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Eugene Viollet Le Duc: The Latest Architecture and News

Studying the "Manual of Section": Architecture's Most Intriguing Drawing

For Paul Lewis, Marc Tsurumaki and David J. Lewis, the section “is often understood as a reductive drawing type, produced at the end of the design process to depict structural and material conditions in service of the construction contract.” A definition that will be familiar to most of those who have studied or worked in architecture at some point. We often think primarily of the plan, for it allows us to embrace the programmatic expectations of a project and provide a summary of the various functions required. In the modern age, digital modelling software programs offer ever more possibilities when it comes to creating complex three dimensional objects, making the section even more of an afterthought.

With their Manual of Section (2016), the three founding partners of LTL architects engage with section as an essential tool of architectural design, and let’s admit it, this reading might change your mind on the topic. For the co-authors, “thinking and designing through section requires the building of a discourse about section, recognizing it as a site of intervention.” Perhaps, indeed, we need to understand the capabilities of section drawings both to use them more efficiently and to enjoy doing so.

Bagsværd Church by Jørn Utzon (1976). Published in Manual of Section by Paul Lewis, Marc Tsurumaki, and David J. Lewis published by Princeton Architectural Press (2016). Image Courtesy of LTL Architects Notre Dame du Haut by Le Corbusier (1954). Published in Manual of Section by Paul Lewis, Marc Tsurumaki, and David J. Lewis published by Princeton Architectural Press (2016). Image Courtesy of LTL Architects United States Pavilion at Expo '67 by Buckminster Fuller and Shoji Sadao (1967). Published in Manual of Section by Paul Lewis, Marc Tsurumaki, and David J. Lewis published by Princeton Architectural Press (2016). Image Courtesy of LTL Architects The Solomon R. Guggenheim Museum by Frank Lloyd Wright (1959). Published in Manual of Section by Paul Lewis, Marc Tsurumaki, and David J. Lewis published by Princeton Architectural Press (2016). Image Courtesy of LTL Architects + 15

AD Classics: Royal Basilica of Saint-Denis / Abbot Suger

The origin of Gothic architecture, a style which defined Europe in the later Middle Ages, can be traced to a single abbey church in the northern suburbs of Paris. The Basilique royale de Saint-Denis (Royal Basilica of Saint-Denis), constructed on the site of an abbey and reliquary established in Carolingian (800-888 CE) times, was partially rebuilt under the administration of Abbot Suger in the early 12th Century; these additions—utilizing a variety of structural and stylistic techniques developed in the construction of Romanesque churches in the preceding centuries—would set medieval architecture on a new course that would carry it through the rest of the epoch.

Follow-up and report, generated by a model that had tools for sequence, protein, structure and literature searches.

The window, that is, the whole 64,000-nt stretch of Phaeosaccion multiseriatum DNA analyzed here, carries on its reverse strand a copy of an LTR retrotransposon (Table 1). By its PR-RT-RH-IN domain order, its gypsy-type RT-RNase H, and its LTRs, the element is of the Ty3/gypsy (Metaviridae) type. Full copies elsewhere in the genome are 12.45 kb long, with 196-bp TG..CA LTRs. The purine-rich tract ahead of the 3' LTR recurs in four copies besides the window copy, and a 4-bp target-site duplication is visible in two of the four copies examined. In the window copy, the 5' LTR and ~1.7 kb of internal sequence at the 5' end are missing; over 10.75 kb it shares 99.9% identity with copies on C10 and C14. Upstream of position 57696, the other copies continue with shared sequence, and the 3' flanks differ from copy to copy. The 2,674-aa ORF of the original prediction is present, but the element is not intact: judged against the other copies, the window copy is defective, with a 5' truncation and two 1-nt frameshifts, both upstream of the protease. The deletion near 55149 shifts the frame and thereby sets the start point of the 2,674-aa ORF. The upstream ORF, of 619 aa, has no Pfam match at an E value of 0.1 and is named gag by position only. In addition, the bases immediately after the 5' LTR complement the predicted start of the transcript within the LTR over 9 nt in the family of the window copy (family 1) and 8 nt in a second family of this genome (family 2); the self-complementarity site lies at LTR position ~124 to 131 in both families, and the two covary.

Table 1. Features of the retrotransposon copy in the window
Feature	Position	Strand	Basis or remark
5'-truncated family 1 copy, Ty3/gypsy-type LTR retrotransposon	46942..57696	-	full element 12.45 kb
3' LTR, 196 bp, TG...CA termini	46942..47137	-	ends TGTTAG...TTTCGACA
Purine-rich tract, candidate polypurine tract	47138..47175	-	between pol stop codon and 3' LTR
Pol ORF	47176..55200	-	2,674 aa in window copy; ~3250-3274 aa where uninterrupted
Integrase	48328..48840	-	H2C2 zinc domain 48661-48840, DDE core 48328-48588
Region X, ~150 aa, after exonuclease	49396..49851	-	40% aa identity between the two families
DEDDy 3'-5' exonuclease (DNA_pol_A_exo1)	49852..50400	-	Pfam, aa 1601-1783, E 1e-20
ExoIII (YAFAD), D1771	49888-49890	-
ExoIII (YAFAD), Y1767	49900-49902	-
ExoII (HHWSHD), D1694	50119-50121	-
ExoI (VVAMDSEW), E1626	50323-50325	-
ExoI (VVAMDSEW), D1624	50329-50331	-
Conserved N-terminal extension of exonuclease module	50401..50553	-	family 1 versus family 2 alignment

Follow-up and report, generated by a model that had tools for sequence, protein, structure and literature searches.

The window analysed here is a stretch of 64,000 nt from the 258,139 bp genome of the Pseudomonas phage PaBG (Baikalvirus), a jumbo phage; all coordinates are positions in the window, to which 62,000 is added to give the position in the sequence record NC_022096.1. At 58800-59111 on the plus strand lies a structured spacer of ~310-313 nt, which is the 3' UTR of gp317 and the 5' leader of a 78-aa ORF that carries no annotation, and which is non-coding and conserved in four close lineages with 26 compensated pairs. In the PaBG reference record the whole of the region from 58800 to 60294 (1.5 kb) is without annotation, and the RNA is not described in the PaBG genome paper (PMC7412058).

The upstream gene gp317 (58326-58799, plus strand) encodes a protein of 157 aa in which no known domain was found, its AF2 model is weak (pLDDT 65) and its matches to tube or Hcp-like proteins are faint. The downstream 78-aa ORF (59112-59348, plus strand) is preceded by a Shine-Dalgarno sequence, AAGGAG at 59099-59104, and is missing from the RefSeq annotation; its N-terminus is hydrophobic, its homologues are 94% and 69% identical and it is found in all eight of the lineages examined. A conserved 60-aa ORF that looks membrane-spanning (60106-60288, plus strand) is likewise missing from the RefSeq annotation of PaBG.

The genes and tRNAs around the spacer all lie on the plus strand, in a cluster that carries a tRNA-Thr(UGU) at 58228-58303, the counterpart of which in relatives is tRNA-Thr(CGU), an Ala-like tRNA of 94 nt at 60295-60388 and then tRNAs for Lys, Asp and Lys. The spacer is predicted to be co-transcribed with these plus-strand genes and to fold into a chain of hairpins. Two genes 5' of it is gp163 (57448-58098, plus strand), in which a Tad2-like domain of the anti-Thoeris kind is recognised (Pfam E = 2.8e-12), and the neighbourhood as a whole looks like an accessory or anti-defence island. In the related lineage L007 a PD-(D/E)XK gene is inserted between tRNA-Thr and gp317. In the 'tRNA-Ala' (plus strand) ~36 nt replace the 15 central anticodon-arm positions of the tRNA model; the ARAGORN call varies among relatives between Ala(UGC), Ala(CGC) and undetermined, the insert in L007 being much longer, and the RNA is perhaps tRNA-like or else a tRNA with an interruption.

Félix Benoist (Public Domain). ImageEngraving (1861) Rose Window. Image © Wikimedia user Diliff (licensed under CC BY-SA 3.0) Tomb. Image © Wikimedia user Myrabella (licensed under CC BY-SA 3.0) West Façade Portal Detail. Image © Wikimedia user Myrabella (licensed under CC BY-SA 3.0) + 9

Building on the Built: the Work of Jonathan Tuckey Design

In Granary Square, located in London’s King’s Cross, there is a fragment of the poem Brill by Aidan Dunn set into the ground, which reads: “King’s Cross, dense with angels and histories. There are cities beneath your pavements, cities behind your skies.” Anchored by the converted granary building and a rejuvenated stretch of canal, Argent’s ongoing King’s Cross development is an appropriate setting for Building on the Built, an exhibition which presents the work of London-based practice Jonathan Tuckey Design.

Uncovering Viollet-le-Duc's "Unexpected" Career

Half of a rhombohedron. Remains of a crystal system separating the glacier of Envers Blaitière Vallée Blanche (Viollet-le-Duc). Image © Médiathèque de l’architecture & du patrimoine
Half of a rhombohedron. Remains of a crystal system separating the glacier of Envers Blaitière Vallée Blanche (Viollet-le-Duc). Image © Médiathèque de l’architecture & du patrimoine

Eugène Viollet-le-Duc, the French architect most famous for the 'restoration' of Notre-Dame de Paris, is a person we unequivocally associate with 19th century Gothic Revival. Although there is no doubt that his interpretive restorations of medieval French monuments were some of his greatest achievements, a new exhibition at Paris' Cité de l'architecture et du patrimoine seeks to uncover a "well-connected character who pursued an uninterrupted career drawing, building, teaching, restoring, and many other things."

In a review for Domus, Léa-Catherine Szacka examines this first major retrospective dedicated to the designer, theorist and artist since 1980 in celebration of the bicentennial of his birth. According to Szacka curator Jean-Michel Leniaud has, in this exhibition, shifted focus to Viollet-le-Duc's artistic output, thereby presenting "the less known and the more unexpected aspect" of his career.